The Importance of a Gratitude Writing Practice
By Haeon Kang

It’s the season of Thanksgiving and the annual reminder to be grateful has rolled around once again. For many of us, it’s not hard to find something to be grateful for, even if we don’t feel particularly grateful. All we have to do is look at the things that sustain us from moment to moment and there is usually something there we can identify as miraculous and good. Goodness is woven into the fabric of existence, and it only benefits us and those around us for us to see it and cherish it.

As many of you already know, gratitude is a practice that has countless benefits. It has been correlated with improved mood, sleep, and immunity, as well as more satisfying relationships and a general sense of well-being. Practicing gratitude also changes our biology. Relaying gratitude to someone releases a hormone called oxytocin, which creates a closer sense of connection to others. This can have major impacts on our mental and physical health. Healthy connections correlate with healthy lives.

Not only is gratitude a beneficial and pragmatic practice for our lives, but it is also a way to connect spiritually with God, the Source of all good things. Seeing the goodness in our lives is identifying the fingerprints of God in our lives. And seeing someone is the first step to knowing them. Gratitude is a spiritual practice that not only yields physical and social benefits but is also one that brings us closer to God. Perhaps this is why Paul wrote, “Rejoice always, pray continually, give thanks in all circumstances; for this is God’s will for you in Christ Jesus” (1 Thessalonians 5:16-18, NIV).

But how do we cultivate a gratitude practice? Feeling grateful in the moment is wonderful, but like any practice, you need to, well, practice. One of the best ways to do this is through writing out what you are grateful for at the end of each day in a gratitude journal.

Writing out your gratitude has many benefits. Writing it out is a tactile experience that raises a metaphorical Ebenezer in the form of written words on a page. It makes the fleeting thoughts of gratitude in your mind more permanent and visible and as such, it helps you to remember what you have been grateful for, sparking more gratitude in the moment. You can go back to your journal and be inspired by all the good and beautiful things God has placed in your life. If you cultivate this practice daily for a long time, you will create a continuous list of things for which you can praise God and remember God’s faithfulness. By doing this, we become witnesses to the things God is doing in our lives and in the world.

What if we don’t feel particularly grateful? The great thing about a practice is it doesn’t matter how you feel. You just do it anyway. If you can simply think of things to be grateful for, even if it’s just the air you are able to breathe, it primes you to find other things to be grateful for and increases your sensitivity to the goodness around you. You may not feel grateful in the moment, but gratitude, like love, is not always a feeling, but a commitment and a practice.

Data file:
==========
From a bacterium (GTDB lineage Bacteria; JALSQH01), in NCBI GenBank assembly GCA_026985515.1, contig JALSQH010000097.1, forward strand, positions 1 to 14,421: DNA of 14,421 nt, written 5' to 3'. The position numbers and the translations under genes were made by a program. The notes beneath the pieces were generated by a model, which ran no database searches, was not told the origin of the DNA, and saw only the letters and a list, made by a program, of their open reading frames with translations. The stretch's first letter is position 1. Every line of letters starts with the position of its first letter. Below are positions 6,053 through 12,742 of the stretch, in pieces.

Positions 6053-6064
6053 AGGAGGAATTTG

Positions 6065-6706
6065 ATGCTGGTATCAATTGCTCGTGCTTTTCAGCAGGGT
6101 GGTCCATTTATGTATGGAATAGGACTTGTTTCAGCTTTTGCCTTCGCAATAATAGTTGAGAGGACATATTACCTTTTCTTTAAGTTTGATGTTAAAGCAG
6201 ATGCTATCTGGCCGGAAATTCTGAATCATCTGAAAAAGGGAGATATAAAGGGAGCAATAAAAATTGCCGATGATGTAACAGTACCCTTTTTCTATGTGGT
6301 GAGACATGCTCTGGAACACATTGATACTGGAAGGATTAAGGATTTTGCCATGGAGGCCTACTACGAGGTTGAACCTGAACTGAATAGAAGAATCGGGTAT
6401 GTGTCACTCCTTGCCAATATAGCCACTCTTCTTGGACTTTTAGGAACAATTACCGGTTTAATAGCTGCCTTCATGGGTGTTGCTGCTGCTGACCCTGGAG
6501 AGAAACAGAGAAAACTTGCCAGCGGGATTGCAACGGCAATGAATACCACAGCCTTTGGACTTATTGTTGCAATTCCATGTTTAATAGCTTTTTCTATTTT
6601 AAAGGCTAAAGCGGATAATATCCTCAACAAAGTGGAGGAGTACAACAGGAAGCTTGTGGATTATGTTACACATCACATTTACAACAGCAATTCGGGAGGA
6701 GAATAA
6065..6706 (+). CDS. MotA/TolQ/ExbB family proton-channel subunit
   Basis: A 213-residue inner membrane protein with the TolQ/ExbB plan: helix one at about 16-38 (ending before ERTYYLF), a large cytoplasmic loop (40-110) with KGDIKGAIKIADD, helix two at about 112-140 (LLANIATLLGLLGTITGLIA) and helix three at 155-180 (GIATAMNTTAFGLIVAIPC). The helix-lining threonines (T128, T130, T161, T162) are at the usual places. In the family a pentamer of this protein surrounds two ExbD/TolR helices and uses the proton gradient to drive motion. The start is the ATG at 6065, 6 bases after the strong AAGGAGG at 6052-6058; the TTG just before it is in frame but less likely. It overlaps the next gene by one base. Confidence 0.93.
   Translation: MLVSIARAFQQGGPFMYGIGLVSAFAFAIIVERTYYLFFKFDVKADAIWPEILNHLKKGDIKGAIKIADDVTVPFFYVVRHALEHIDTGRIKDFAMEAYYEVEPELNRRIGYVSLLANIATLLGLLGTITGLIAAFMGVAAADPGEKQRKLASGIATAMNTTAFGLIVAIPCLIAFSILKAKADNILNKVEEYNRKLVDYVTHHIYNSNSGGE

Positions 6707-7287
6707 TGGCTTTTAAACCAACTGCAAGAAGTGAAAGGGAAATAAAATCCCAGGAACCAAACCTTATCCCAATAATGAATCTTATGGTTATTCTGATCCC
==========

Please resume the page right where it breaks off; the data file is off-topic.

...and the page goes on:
A pro tip for the days you’re not feeling grateful is to take the time to read past entries and remember the reasons why you were grateful for the things you wrote down. If you feel too tired to come up with new things to be grateful for, simply write down some old ones you’ve looked back on and remembered. You can be grateful for things in the past, present, or future. You do not need to be bound specifically to the present.

As we build our repertoire of gratitude, our perspective will likely change. We may become better at identifying the good in our lives. We may feel gratitude more frequently. Ultimately, the consistency of this practice points to the goodness of God, and practicing gratitude helps us to see more of the good things God has done, is doing, and will do. Our perception or ability to feel the goodness in our lives may wax and wane, but God’s outpouring of goodness never changes.

So, let me challenge you today. For thirty days, find a notebook and write down one to three things you are grateful for each day. At the end of the thirty days, reflect on the process and how you’ve changed, looking through all your entries. At the very least, you’ll have a tangible record of the many things you are thankful for. And perhaps, by grace, your eyes will be opened to more of the goodness that surrounds you each day.

About this Contributor:

Haeon Kang

Haeon Kang is a Project Manager with Word Alive Press. She has a master's degree in theology and loves to read, create art, and play with her dog and bird during her down time.

1 comment

  • Thanks Haeon.
    I needed this reminder!


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